I can understand that initially Coach Tressel’s thoughts were that he wanted to protect the players and that there might have been an issue with confidentiality, but when you forward the e-mail about the incident to Pryor’s confidante in Pennsylvania and not to the athletic director of Ohio State, that’s a HUGE mistake in my humble opinion. Tressel should have come clean during the March press conference and he didn’t.
I am also bothered about the way athletic director Gene Smith and school president Gordon Gee handled the situation once they knew about it. When Ohio State held the press conference Gene Smith should have said that the university was going to conduct a more broad and comprehensive investigation to determine if there were more rules infractions that took place. Maybe then the details of car deals and living arrangement benefits might have been uncovered.
For Gee to say to the media, I have no intention of firing Coach Tressel, I only hope he doesn’t fire me has to be one of the dumbest statements I have ever heard ! Has college athletics gotten so big that the president of a major university is afraid to reprimand his own coach ? I think that Gee was treating Tressel as if he was above the NCAA rules that every other school has to follow and I think this is inexcusable.
I hope I am wrong, but it wouldn’t surprise me if the NCAA decides to open up a second investigation into the new allegations that have recently come out. I wonder how Buckeye fans are going to react when we are slapped with NCAA sanctions of one, two or three years of probation not to mention the loss of numerous scholarships. I am as big a Buckeye fan as the next person, but the next few years are going to be very tough for Buckeye Nation.
The Columbus Dispatch story linked above quotes Coach Tressel as saying in a statement: “Throughout this entire situation my players and I have committed ourselves to facing our mistakes and growing from them; we can only successfully do that together. Like my players, I am very sorry for the mistakes I made. I request of the university that my sanctions now include five games so that the players and I can handle this adversity together.”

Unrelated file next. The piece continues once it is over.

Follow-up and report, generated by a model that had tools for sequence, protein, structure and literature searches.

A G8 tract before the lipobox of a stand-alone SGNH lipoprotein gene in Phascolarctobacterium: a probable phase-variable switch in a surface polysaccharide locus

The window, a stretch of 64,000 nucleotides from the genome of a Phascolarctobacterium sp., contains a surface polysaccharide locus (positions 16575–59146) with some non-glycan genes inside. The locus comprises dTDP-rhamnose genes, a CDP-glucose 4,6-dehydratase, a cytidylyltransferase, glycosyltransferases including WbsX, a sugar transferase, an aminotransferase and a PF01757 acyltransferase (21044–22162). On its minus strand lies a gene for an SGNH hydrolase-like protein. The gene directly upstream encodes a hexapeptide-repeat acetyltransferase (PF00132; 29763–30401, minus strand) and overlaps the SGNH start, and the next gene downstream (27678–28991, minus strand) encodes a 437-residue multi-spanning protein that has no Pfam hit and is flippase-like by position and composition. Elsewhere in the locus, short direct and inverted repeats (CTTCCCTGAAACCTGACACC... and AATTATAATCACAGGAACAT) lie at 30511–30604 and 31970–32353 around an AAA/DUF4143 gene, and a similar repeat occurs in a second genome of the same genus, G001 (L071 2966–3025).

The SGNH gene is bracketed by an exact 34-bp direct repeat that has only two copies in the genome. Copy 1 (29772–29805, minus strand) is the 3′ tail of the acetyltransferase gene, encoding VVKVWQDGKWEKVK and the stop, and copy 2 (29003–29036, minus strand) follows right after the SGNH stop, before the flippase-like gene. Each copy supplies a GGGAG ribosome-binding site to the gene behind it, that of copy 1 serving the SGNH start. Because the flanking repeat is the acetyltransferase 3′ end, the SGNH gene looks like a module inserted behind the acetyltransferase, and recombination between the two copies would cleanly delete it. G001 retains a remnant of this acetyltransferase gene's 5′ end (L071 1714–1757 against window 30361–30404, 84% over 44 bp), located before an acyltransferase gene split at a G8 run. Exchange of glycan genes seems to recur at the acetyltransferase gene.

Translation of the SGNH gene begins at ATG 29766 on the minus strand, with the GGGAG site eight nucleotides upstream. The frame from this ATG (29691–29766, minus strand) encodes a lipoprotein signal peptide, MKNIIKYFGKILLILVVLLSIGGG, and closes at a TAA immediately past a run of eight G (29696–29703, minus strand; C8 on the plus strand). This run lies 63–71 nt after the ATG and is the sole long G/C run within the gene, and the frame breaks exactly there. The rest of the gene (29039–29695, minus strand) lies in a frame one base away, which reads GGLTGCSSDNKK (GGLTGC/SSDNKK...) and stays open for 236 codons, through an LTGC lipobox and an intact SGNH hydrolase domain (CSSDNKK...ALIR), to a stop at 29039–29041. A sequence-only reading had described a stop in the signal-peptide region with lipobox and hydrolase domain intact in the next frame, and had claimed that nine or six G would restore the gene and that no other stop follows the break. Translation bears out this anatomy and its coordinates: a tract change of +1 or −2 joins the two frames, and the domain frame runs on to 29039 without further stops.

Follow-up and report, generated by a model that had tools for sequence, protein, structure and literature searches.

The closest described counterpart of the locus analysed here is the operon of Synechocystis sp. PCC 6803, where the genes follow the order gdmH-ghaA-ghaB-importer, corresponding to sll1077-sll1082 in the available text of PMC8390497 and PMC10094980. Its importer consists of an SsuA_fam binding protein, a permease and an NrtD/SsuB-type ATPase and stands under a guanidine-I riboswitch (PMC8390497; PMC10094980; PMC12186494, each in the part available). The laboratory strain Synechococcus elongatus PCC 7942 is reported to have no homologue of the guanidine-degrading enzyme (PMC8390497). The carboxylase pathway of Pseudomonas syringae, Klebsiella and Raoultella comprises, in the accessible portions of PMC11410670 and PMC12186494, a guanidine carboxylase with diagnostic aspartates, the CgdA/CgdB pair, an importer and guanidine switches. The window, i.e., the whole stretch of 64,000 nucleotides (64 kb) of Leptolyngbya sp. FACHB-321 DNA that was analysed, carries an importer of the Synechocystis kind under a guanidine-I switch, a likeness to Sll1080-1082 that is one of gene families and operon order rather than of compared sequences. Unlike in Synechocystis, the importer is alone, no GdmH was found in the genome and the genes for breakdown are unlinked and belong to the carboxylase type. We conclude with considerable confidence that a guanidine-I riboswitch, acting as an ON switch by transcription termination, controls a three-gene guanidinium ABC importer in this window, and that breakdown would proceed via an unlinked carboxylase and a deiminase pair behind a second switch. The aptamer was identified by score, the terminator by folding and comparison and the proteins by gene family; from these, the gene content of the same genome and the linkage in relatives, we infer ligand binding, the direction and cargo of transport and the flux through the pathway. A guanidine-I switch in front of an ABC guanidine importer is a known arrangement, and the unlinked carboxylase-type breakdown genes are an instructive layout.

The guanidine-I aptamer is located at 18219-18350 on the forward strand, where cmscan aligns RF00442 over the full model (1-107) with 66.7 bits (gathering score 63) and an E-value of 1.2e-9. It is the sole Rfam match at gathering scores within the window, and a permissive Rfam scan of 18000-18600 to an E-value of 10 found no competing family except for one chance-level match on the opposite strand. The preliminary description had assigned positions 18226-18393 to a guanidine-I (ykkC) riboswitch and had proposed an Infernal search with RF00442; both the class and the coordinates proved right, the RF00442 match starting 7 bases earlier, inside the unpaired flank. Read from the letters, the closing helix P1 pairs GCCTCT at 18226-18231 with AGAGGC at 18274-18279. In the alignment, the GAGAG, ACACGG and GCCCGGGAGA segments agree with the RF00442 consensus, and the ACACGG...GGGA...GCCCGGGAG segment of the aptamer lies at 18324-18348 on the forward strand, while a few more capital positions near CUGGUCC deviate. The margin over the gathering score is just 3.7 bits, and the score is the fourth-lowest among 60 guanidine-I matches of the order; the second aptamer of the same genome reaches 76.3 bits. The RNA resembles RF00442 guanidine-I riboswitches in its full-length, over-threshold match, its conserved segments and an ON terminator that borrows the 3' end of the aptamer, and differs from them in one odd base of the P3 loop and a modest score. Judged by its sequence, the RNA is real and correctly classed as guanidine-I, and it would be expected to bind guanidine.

I’m not sure what to make of this latest development. Many in Buckeye Nation will see this as a noble gesture by Coach Tressel, who is standing in solidarity with his players and sharing in their punishment. In my view, however, this latest decision is strange on several levels. Why announce a two-game suspension of Coach Tressel only 10 days ago, endure a hailstorm of criticism from the national media, and then voluntarily increase the suspension to five games after the hubbub had died down? It makes it look like Ohio State’s earlier announcement was simply testing the waters. Are the players’ sins of commission and Coach Tressel’s apparent sin of omission really equivalent? And what about the players who didn’t violate the rules? Why should they be voluntarily deprived of their head coach for three games? Ironically, one of the reasons Ohio State cited in allowing the five suspended players to compete in the Sugar Bowl was that it would be unfair to punish the graduating seniors by depriving them of the chance to play in the bowl game as a complete team.
I remain convinced that we have not heard everything there is to hear about this story. Lingering questions remain to be answered.
I’ve posted before on the five Ohio State football players who violated NCAA rules by selling things they had received from the University and getting discounts on tattoos. Before the Sugar Bowl Coach Tressel told the media that the five players were allowed to make the trip for the bowl game only because they had promised that they would return to Ohio State next year and accept their punishment, rather than avoiding any penalties by leaving early for the pros.
At the time, some skeptics laughed at the quaint notion that the players had “given their word.” They said the pledges that Coach Tressel mentioned were just a fig leaf that would allow the players to participate in the bowl games but wouldn’t mean anything when the players had the opportunity to leave for the NFL draft. I’m happy to say that the skeptics were wrong. Each of the five players has kept his word; they all declined to declare for the NFL draft and will return to the Buckeyes next year. In fact, for the first time in years Ohio State did not have any juniors declare for the draft.
The five players — Terrelle Pryor, Boom Herron, DeVier Posey, Mike Adams, and Solomon Thomas — kept their part of the bargain, and now it is time for Buckeye Nation to hold up its end. It is time for us all to forgive these young men for their mistakes, applaud their mature adherence to their pledges, and give them our full support when they return after their suspensions next year.